- Date: 1916
- Medium: oil on wood panel
- Dimensions: 21 x 27 cm
- Credit Line: F. B. Housser Memorial Collection, 1945
- Permanent Collection ID: 45.A.24
Wild Geese conveys tranquility and vibrant energy through the building of layer upon layer of paint—and with it, layers of light, movement, and colour. Here, Thomson uses a more muted palette than he does in the fiery canvases that, today, are considered his trademarks, such as The Jack Pine and The West Wind (both 1916-17). Interestingly, a painting of geese completed a year earlier (Round Lake, Mud Bay) captured their flight across the brilliant yellow of a setting sun. Both paintings were inspired by Thomson’s travels in AlgonquinPark, where he devoted much of his time from 1912 until his death in 1917.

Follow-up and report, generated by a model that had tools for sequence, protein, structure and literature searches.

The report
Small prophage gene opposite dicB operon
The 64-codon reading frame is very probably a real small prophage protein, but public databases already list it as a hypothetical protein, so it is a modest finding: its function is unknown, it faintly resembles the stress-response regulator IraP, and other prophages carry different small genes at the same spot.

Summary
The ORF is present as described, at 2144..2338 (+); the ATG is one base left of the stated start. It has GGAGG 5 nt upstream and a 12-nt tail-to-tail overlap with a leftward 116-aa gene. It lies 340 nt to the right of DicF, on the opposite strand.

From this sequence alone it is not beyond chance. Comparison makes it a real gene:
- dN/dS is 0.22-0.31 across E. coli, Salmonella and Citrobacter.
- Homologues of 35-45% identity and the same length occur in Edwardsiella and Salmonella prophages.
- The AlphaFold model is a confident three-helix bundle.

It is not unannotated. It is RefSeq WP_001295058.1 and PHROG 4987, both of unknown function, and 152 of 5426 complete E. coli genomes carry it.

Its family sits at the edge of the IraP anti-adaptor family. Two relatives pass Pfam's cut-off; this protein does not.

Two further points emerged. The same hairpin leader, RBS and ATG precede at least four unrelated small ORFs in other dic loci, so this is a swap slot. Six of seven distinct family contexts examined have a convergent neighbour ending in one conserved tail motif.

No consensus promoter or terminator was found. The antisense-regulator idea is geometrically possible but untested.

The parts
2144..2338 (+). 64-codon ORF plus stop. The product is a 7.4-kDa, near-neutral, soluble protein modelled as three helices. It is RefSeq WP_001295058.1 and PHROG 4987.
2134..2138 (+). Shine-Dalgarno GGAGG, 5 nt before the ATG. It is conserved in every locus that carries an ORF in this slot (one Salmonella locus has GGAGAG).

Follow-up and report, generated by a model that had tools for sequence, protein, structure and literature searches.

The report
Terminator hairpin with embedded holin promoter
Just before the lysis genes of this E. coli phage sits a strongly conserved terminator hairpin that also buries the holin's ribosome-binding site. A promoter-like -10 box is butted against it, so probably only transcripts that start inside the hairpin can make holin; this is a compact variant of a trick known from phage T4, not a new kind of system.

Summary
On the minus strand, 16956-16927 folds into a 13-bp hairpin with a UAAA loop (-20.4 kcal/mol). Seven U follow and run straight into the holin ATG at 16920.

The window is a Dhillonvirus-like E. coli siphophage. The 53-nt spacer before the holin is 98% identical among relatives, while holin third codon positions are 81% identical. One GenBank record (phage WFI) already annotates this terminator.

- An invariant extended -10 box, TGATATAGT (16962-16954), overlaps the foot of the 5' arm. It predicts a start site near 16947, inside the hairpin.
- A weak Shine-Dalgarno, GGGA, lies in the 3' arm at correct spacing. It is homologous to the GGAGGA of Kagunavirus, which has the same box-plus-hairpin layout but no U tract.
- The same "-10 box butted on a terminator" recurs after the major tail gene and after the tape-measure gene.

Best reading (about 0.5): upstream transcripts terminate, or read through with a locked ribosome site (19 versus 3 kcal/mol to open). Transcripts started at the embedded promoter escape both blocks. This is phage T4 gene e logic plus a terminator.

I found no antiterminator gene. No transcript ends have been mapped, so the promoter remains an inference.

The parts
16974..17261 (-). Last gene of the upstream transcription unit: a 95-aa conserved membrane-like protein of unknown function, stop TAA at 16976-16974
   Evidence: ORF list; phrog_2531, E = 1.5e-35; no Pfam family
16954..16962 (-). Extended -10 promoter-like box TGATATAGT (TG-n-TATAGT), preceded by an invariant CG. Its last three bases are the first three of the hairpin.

Though intense, Thomson’s brief artistic career produced a relatively small body of work: roughly 30 canvases and 400 sketches. He came late to the medium of oil painting, seeking advice from his co-workers J.E.H. MacDonald, Arthur Lismer and Frederick Varley after joining the commercial graphic design company Grip Ltd. around 1908. Thomson initially found painting difficult (reportedly throwing his palette in the woods when particularly frustrated). Soon, however, the talented painters he befriended and travelled with, including A.Y. Jackson, Franklin Carmichael and Lawren Harris, would look to Thomson’s expressive, sometimes unorthodox canvases for their own creative inspiration.